Fluellen Yes, verily and in truth, you shall take it; or I have another leek in my pocket, which you shall eat.

Pistol I take thy groat in earnest of revenge.

Fluellen If I owe you any thing, I will pay you in cudgels: you shall be a woodmonger, and buy nothing of me but cudgels. God b’ wi’ you, and keep you, and heal your pate.

Exit

Pistol All hell shall stir for this.

Gower Go, go; you are a counterfeit cowardly knave. Will you mock at an ancient tradition, begun upon an honourable respect, and worn as a memorable trophy of predeceased valour and dare not avouch in your deeds any of your words? I have seen you gleeking and galling at this gentleman twice or thrice. You thought, because he could not speak English in the native garb, he could not therefore handle an English cudgel: you find it otherwise; and henceforth let a Welsh correction teach you a good English condition. Fare ye well.

Exit

Pistol Doth Fortune play the huswife with me now?
News have I, that my Nell is dead i’ the spital
Of malady of France;
And there my rendezvous is quite cut off.
Old I do wax; and from my weary limbs
Honour is cudgelled. Well, bawd I’ll turn,
And something lean to cutpurse of quick hand.
To England will I steal, and there I’ll steal:
And patches will I get unto these cudgell’d scars,
And swear I got them in the Gallia wars.

Exit

Scene II. France. A royal palace.

Enter, at one door King Henry, Exeter, Bedford, Gloucester, Warwick, Westmoreland, and other Lords; at another, the French King, Queen Isabel, the Princess Katharine, Alice and other Ladies; the Duke of Burgundy, and his train

King Henry V Peace to this meeting, wherefore we are met!
Unto our brother France, and to our sister,
Health and fair time of day; joy and good wishes
To our most fair and princely cousin Katharine;
And, as a branch and member of this royalty,
By whom this great assembly is contrived,
We do salute you, Duke of Burgundy;
And, princes French, and peers, health to you all!

King Of France Right joyous are we to behold your face,
Most worthy brother England; fairly met:
So are you, princes English, every one.

Queen Isabel So happy be the issue, brother England,
Of this good day and of this gracious meeting,
As we are now glad to behold your eyes;
Your eyes, which hitherto have borne in them
Against the French, that met them in their bent,
The fatal balls of murdering basilisks:
The venom of such looks, we fairly hope,
Have lost their quality, and that this day
Shall change all griefs and quarrels into love.

King Henry V To cry amen to that, thus we appear.

Queen Isabel You English princes all, I do salute you.

Burgundy My duty to you both, on equal love,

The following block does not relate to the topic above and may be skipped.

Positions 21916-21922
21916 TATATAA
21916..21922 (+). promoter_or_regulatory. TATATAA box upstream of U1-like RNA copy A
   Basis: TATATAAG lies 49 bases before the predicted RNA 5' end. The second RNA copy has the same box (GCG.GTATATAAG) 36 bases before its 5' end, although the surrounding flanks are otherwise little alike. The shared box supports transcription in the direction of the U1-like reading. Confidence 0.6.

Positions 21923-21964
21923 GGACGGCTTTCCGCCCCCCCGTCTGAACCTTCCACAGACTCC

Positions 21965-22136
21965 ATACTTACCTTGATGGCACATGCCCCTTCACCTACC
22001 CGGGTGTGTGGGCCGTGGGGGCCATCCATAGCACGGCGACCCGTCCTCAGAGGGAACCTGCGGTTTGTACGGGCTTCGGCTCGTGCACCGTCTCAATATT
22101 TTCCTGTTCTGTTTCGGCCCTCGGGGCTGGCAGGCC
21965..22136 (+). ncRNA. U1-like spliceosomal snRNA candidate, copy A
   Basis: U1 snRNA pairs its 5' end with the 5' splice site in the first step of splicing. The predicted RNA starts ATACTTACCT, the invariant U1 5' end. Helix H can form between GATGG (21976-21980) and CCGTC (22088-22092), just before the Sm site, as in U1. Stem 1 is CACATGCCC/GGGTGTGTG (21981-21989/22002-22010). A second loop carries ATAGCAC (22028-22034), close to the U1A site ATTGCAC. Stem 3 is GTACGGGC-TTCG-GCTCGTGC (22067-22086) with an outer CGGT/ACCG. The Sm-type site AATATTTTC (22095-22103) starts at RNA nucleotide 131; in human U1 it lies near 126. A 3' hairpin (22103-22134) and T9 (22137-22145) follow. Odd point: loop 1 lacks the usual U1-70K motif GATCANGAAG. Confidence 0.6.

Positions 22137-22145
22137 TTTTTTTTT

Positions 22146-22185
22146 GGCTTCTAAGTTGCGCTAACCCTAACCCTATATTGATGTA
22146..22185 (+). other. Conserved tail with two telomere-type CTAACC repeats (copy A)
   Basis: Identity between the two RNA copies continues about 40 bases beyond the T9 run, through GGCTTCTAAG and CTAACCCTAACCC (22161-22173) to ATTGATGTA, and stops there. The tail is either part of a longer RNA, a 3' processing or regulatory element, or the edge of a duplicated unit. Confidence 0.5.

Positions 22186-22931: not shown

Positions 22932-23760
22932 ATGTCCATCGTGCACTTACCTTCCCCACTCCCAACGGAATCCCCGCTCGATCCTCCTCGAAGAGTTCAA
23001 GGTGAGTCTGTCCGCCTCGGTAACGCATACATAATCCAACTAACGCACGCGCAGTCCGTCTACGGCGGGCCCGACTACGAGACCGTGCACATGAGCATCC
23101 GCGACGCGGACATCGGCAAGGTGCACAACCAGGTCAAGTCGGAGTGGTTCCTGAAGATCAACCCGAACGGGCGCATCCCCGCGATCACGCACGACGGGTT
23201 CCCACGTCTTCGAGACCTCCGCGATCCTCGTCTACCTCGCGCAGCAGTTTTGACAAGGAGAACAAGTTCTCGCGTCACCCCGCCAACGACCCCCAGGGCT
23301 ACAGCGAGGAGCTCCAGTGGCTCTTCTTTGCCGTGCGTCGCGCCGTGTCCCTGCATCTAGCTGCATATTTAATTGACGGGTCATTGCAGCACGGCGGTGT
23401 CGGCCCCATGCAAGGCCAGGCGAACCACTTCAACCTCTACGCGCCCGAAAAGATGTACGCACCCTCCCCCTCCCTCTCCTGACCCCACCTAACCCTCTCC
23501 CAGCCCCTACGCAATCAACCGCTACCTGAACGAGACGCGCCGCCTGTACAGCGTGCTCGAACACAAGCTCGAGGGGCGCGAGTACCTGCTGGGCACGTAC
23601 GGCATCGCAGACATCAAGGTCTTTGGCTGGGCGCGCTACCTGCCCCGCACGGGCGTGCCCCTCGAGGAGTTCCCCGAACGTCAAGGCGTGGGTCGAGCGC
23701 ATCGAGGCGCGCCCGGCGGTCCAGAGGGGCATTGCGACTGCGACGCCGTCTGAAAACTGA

Great Kings of France and England! That I have labour’d,
With all my wits, my pains and strong endeavours,
To bring your most imperial majesties
Unto this bar and royal interview,
Your mightiness on both parts best can witness.
Since then my office hath so far prevail’d
That, face to face and royal eye to eye,
You have congreeted, let it not disgrace me,
If I demand, before this royal view,
What rub or what impediment there is,
Why that the naked, poor and mangled Peace,
Dear nurse of arts and joyful births,
Should not in this best garden of the world
Our fertile France, put up her lovely visage?
Alas, she hath from France too long been chased,
And all her husbandry doth lie on heaps,
Corrupting in its own fertility.
Her vine, the merry cheerer of the heart,
Unpruned dies; her hedges even-pleach’d,
Like prisoners wildly overgrown with hair,
Put forth disorder’d twigs; her fallow leas
The darnel, hemlock and rank fumitory
Doth root upon, while that the coulter rusts
That should deracinate such savagery;
The even mead, that erst brought sweetly forth
The freckled cowslip, burnet and green clover,
Wanting the scythe, all uncorrected, rank,
Conceives by idleness and nothing teems
But hateful docks, rough thistles, kecksies, burs,
Losing both beauty and utility.
And as our vineyards, fallows, meads and hedges,
Defective in their natures, grow to wildness,
Even so our houses and ourselves and children
Have lost, or do not learn for want of time,
The sciences that should become our country;
But grow like savages — as soldiers will
That nothing do but meditate on blood —
To swearing and stern looks, diffused attire
And every thing that seems unnatural.
Which to reduce into our former favour
You are assembled: and my speech entreats
That I may know the let, why gentle Peace
Should not expel these inconveniences
And bless us with her former qualities.

King Henry V If, Duke of Burgundy, you would the peace,
Whose want gives growth to the imperfections
Which you have cited, you must buy that peace
With full accord to all our just demands;
Whose tenors and particular effects
You have enscheduled briefly in your hands.